the general track of the Emory University School of Medicine/Grady Health System
Susan McManus, Ph.D.
program. A minor rotation in pediatric neuropsychology at Children’s Healthcare of
I received my bachelor’s degree in psychology from Emory University. I then
Atlanta led to my decision to complete a two-year fellowship in neuropsychology at
completed my doctoral degree at Georgia State University in the joint Clinical
Children’s. I received board certification through ABPP in clinical neuropsychology
Psychology and Neuropsychology and Behavioral Neurosciences Programs.
and certification in pediatric neuropsychology. During my fellowship and as an early
My predoctoral internship was completed at Kennedy Krieger Institute/Johns
staff member at Children’s, I focused on the inpatient and outpatient rehabilitation
Hopkins School of Medicine, with primary rotations in neuropsychology and
population with acquired, traumatic and chronic medical diagnoses that affect
pediatric psychology. I then returned to Atlanta to complete my two-year
brain health. I also began outcome research with the cardiac population. With
fellowship in pediatric neuropsychology at Children’s Healthcare of Atlanta/
the collaboration of cardiology leaders at Children’s, we have created the Cardiac
Emory University School of Medicine. I am the coordinator of the pediatric
Neurodevelopmental Program for children with cardiac disease. I am also part of
neuropsychology rotation for the Predoctoral Internship Program through the
the multidisciplinary team for heart transplant. My role is to provide outpatient
Emory University School of Medicine Internship Program. I conduct outpatient
evaluations to address preschool, school-age and adult transition planning. I also
evaluations to monitor cognitive development in children and adolescents with
provide inpatient consultation after heart transplant, heart failure and cardiac
traumatic brain injury, encephalitis, hypoxic/ischemic brain injury, stroke and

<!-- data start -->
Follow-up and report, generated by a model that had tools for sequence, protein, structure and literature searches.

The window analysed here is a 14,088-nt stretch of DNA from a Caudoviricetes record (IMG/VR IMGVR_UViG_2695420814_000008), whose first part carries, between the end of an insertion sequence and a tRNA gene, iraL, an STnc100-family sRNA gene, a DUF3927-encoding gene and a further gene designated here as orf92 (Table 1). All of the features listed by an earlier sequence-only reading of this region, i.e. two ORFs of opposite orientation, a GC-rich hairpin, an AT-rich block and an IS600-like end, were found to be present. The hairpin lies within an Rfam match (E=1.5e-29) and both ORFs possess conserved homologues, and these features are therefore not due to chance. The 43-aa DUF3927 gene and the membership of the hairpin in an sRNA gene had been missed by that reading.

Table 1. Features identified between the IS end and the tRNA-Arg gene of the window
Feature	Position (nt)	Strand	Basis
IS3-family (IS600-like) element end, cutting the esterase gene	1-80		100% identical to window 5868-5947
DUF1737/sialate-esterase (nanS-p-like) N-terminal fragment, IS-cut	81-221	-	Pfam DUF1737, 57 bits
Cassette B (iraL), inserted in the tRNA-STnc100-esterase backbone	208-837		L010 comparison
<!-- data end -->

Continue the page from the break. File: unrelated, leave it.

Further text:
surgery. My current research interests are related to neuropsychological outcomes
epilepsy. I have a clinic in which I follow children with a history of premature birth
and risk factors associated with complex heart disease and heart transplant (e.g.,
and related perinatal complications, conducting neurocognitive evaluations to
stroke, seizures, prematurity, genetic disorders). I am also involved with national
monitor development and provide appropriate interventions as children reach
and international cardiac follow-up groups to help build clinical programs, patient
school age. I also provide inpatient consultation and neurocognitive screening
advocacy and multisite research collaborations.
following acquired brain injury and acute changes in neurological or medical
Kindell R. Schoffner, Psy.D. I received my bachelor of science degree in psychology from Louisiana State University. I then received my master’s and doctoral degrees in clinical psychology from The Georgia School of Professional Psychology. My predoctoral internship
status. My clinical and research interests pertain to functional outcomes following perinatal/birth-related injuries and other acquired brain injuries, in addition to acute assessment and intervention to improve neurobehavioral adjustment and academic success.
training was at Nationwide Children’s Hospital/The Ohio State University School of Medicine in Columbus, Ohio. I continued my training with a postdoctoral fellowship here at Children’s Healthcare of Atlanta and Emory University at the Aflac Cancer and Blood Disorders Center. My professional experience ranges from working with children and families in private practice settings, in outpatient medical settings and inpatient pediatric hospital settings. I am currently the pediatric psychologist with rehabilitation services at Scottish Rite hospital. I provide emotional and behavior assessment, as well as individual and family intervention services to patients in the Inpatient Rehabilitation Program and the Day Rehabilitation Program. In addition to my clinical interests and responsibilities, I am involved in developing policies and clinical pathways for treatment within rehabilitation services pertaining to systematic behavior modification, spinal cord injury and traumatic brain injury.